April 11, 2012 — Eight University of Virginia students are among approximately 575 U.S. undergraduate and graduate students who will go overseas this summer to study languages with Critical Language Scholarships from the United States Department of State.
These students will spend seven to 10 weeks in intensive language institutes and in cultural immersion in countries where these languages are spoken. Program participants are expected to continue their language study beyond the scholarship and apply their critical language skills in their future professional careers.
The students are:
• James Duke, 19, of Sterling, a first-year student in the College, who will study Urdu in Lucknow, India, in a program hosted by American Institute of India Studies.
• Caroline Gonya, 21, of Baltimore, a third-year interdisciplinary studies major in the College, who will study advanced Hindi in Jaipur, India.
• Natasha L. Mikles, 25, of Murrells Inlet, S.C., a first-year doctoral student in religious studies focusing on Sino-Tibetan Buddhism, in the Graduate School of Arts & Sciences, who will study advanced Chinese in Beijing.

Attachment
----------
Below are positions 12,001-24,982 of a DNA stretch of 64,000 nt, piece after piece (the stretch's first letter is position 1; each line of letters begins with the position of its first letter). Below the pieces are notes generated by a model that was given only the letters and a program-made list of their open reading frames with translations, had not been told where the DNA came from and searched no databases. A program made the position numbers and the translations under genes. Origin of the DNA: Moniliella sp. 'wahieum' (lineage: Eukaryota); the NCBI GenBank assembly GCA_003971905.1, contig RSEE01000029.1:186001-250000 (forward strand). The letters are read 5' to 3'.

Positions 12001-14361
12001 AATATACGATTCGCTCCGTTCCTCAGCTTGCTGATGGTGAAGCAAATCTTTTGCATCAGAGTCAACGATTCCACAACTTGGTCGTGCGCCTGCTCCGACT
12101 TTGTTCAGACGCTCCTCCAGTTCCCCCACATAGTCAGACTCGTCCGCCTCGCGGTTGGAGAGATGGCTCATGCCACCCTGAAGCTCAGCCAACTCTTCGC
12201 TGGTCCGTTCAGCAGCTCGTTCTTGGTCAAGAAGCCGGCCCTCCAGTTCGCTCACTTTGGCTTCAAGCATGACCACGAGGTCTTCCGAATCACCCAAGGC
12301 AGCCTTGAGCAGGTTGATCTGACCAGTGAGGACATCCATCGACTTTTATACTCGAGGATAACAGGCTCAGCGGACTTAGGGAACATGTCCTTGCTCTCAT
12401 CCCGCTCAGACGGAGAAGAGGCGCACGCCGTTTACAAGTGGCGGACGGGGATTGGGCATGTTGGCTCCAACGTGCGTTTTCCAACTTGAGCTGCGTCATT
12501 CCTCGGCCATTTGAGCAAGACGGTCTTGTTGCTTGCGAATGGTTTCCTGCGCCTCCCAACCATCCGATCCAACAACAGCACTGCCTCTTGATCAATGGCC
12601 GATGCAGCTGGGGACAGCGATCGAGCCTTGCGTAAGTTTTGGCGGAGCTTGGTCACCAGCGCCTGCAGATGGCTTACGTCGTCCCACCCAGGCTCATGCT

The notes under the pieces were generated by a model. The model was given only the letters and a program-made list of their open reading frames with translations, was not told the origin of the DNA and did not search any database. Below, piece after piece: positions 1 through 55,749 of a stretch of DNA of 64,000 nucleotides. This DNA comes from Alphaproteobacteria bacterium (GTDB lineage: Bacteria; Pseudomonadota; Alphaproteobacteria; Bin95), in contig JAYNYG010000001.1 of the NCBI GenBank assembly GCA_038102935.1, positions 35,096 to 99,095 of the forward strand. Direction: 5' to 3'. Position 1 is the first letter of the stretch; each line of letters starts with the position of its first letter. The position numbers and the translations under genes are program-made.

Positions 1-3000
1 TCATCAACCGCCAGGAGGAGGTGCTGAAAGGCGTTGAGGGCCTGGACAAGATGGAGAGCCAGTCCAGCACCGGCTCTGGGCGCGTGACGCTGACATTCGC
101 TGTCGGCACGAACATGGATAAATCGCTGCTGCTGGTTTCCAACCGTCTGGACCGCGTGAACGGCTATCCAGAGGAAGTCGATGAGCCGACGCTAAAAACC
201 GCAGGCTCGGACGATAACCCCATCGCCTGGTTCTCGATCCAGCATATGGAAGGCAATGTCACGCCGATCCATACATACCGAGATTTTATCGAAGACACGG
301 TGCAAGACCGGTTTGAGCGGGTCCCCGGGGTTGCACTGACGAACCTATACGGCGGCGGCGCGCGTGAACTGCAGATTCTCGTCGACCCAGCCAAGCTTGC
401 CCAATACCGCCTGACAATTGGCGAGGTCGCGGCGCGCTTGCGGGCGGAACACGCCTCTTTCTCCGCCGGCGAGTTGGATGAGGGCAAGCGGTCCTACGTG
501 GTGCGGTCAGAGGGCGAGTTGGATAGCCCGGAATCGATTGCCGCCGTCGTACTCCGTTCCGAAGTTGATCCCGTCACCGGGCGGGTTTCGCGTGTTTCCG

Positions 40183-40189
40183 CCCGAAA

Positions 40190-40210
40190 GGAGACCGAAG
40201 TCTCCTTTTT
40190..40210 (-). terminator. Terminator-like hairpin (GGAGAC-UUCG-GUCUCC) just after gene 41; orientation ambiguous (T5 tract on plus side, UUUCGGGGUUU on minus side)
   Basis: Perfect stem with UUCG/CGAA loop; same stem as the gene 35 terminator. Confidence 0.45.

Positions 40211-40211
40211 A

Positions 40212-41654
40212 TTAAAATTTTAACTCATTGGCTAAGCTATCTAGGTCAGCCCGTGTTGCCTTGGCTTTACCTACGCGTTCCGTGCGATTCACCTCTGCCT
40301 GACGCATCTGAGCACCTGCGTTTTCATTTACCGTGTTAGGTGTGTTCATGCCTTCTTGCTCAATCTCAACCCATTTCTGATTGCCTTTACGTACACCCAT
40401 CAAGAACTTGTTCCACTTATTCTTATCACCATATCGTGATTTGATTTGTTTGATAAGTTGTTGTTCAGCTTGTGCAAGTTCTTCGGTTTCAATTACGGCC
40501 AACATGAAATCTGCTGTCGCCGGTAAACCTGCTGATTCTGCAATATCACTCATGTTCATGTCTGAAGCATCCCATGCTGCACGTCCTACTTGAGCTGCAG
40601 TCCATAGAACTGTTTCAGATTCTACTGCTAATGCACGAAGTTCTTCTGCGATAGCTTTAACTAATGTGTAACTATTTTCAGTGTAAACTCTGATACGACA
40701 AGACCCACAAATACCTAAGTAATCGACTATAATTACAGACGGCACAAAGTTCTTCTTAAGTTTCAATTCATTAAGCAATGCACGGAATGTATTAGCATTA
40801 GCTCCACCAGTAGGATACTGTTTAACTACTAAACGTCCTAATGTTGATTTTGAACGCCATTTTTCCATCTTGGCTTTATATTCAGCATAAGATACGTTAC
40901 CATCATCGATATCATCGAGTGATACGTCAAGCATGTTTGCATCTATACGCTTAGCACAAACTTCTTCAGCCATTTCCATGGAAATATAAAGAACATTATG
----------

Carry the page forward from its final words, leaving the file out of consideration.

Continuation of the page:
"I am delighted that so many U.Va. students have been selected for this wonderful program," said Lucy Russell, director of U.Va.'s Center for Undergraduate Excellence. "The opportunity to study these languages intensively in the countries where they are spoken is unmatched."
The Critical Language Scholarship Program is part of the U.S. government's effort to expand dramatically the number of Americans studying and mastering critical foreign languages. Its institutes provide fully funded, group-based intensive language instruction and structured cultural enrichment experiences for U.S. citizen undergraduate and graduate students studying Arabic, Azerbaijani, Bangla/Bengali, Chinese, Hindi, Indonesian, Japanese, Korean, Persian, Punjabi, Russian, Turkish and Urdu.
Nationally, those selected for the 2012 program hail from all 50 states, Puerto Rico and the District of Columbia and represent 239 institutions of higher education nationwide.
– by Matt Kelly
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